A psalm of remembrance

“We have known and believed the love that God hath to us.” 1 John 4:16

Suggested Further Reading: Habakkuk 3:16-19

“Hast thou considered my servant Job?” “Ah,” says Satan, “he serves thee now, but thou hast set a hedge about him and blessed him, let me but touch him.” Now he has come down to you, and he has afflicted you in your estate, afflicted you in your family, and at last he has afflicted you in your body. Shall Satan be the conqueror? Shall grace give way? O my dear brother, stand up now and say once more, once for all, “I tell thee, Satan, the grace of God is more than a match for thee; he is with me, and in all this I will not utter one word against the Lord my God. He doeth all things well—well, even now, and I do rejoice in him.” The Lord is always pleased with his children when they can stand up for him when circumstances seem to belie him. Here come the witnesses into court. The devil says, “Soul, God has forgotten thee, I will bring in my witness.” First he summons your debts—a long bill of losses. “There,” says he “would God suffer you to fall thus, if he loved you?” Then he brings in your children—either their death, or their disobedience, or something worse, and says, “Would the Lord suffer these things to come upon you, if he loved you?” At last he brings in your poor tottering body, and all your doubts and fears, and the hidings of Jehovah’s face. “Ah,” says the devil, “do you believe that God loves you now?” Oh, it is noble, if you are able to stand forth and say to all these witnesses, “I hear what you have to say, let God be true, and every man and everything be a liar. I believe none of you. You all say, God does not love me; but he does, and if the witnesses against his love were multiplied a hundredfold, yet still would I say, “I know whom I have believed.”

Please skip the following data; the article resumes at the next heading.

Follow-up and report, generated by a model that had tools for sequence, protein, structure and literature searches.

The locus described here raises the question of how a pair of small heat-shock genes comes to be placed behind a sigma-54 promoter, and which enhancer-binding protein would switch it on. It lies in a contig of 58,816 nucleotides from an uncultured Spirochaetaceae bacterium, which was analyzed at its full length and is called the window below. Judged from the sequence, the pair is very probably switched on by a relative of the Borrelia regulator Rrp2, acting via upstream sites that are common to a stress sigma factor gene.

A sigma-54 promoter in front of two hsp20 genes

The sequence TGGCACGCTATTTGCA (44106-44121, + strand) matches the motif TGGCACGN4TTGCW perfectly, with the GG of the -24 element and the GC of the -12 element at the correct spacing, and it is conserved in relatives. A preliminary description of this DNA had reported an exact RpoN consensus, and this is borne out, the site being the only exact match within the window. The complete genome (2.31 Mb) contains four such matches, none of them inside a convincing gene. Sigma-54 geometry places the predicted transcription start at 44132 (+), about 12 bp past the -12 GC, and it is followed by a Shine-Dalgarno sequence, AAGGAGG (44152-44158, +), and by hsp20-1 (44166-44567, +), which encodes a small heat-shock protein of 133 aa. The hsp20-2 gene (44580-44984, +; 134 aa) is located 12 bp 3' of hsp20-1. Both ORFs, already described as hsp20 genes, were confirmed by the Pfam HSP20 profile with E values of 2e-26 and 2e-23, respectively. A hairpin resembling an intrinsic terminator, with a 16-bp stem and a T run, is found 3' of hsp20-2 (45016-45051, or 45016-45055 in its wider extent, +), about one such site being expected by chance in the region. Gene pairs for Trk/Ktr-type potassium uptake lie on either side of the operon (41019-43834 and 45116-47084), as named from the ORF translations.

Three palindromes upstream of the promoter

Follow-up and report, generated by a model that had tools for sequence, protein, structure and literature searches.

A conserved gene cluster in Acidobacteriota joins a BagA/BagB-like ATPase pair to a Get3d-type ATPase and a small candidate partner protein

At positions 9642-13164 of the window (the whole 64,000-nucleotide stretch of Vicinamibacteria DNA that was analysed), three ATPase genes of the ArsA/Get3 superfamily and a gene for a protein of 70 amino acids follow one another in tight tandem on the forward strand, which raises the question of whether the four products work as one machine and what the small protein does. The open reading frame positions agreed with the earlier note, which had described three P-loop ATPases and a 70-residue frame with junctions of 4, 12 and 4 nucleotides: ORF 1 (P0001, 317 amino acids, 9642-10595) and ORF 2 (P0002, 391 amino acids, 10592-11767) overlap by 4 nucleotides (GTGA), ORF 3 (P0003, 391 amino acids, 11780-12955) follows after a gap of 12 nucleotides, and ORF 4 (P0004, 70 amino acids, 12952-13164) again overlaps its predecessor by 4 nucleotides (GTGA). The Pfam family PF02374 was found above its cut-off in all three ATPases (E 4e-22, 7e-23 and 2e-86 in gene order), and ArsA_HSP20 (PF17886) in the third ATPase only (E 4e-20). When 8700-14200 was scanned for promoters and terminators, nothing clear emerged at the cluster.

For meditation: The question is bound to be asked sooner or later (Psalm 42:3,10). The apostle Paul gives the greatest answer (Romans 8:35-39).

Sermon no. 253 22 May (1859)

A sense of pardoned sin

“Thou hast cast all my sins behind thy back.” Isaiah 38:17

Suggested Further Reading: Psalm 32

We are saved by faith, and not by feeling. “We walk by faith and not by sight.” Yet there is as much connection between faith and hallowed feeling, as there is between the root and the flower. Faith is permanent, just as the root is ever in the ground; feeling is casual, and has its seasons. Just as the bulb does not always shoot up the green stem; far less is it always crowned with the many, many-coloured flower. Faith is the tree, the essential tree; our feelings are like the appearance of that tree during the different seasons of the year. Sometimes our soul is full of bloom and blossom, and the bees hum pleasantly, and gather honey within our hearts. It is then that our feelings bear witness to the life of our faith, just as the buds of spring bear witness to the life of the tree. Presently, our feelings gather still greater vigour, and we come to the summer of our delights. Again, perhaps, we begin to wither into the dry and yellow leaf of autumn; nay, sometimes the winter of our despondency and despair will strip away every leaf from the tree, and our poor faith stands like a blasted stem without a sign of greenness. And yet, my brethren, so long as the tree of faith is there we are saved. Whether faith blossom or not, whether it bring forth joyous fruit in our experience or not, so long as it be there in all its permanence we are saved. Yet we should have the gravest reason to distrust the life of our faith, if it did not sometimes blossom with joy, and often bring forth fruit unto holiness.

For meditation: True joy cannot exist without saving faith (1 Peter 1:8-9), but sometimes our salvation needs to have its joy restored (Psalm 51:12).

Sermon no. 316 21 May (Preached 20 May 1860)

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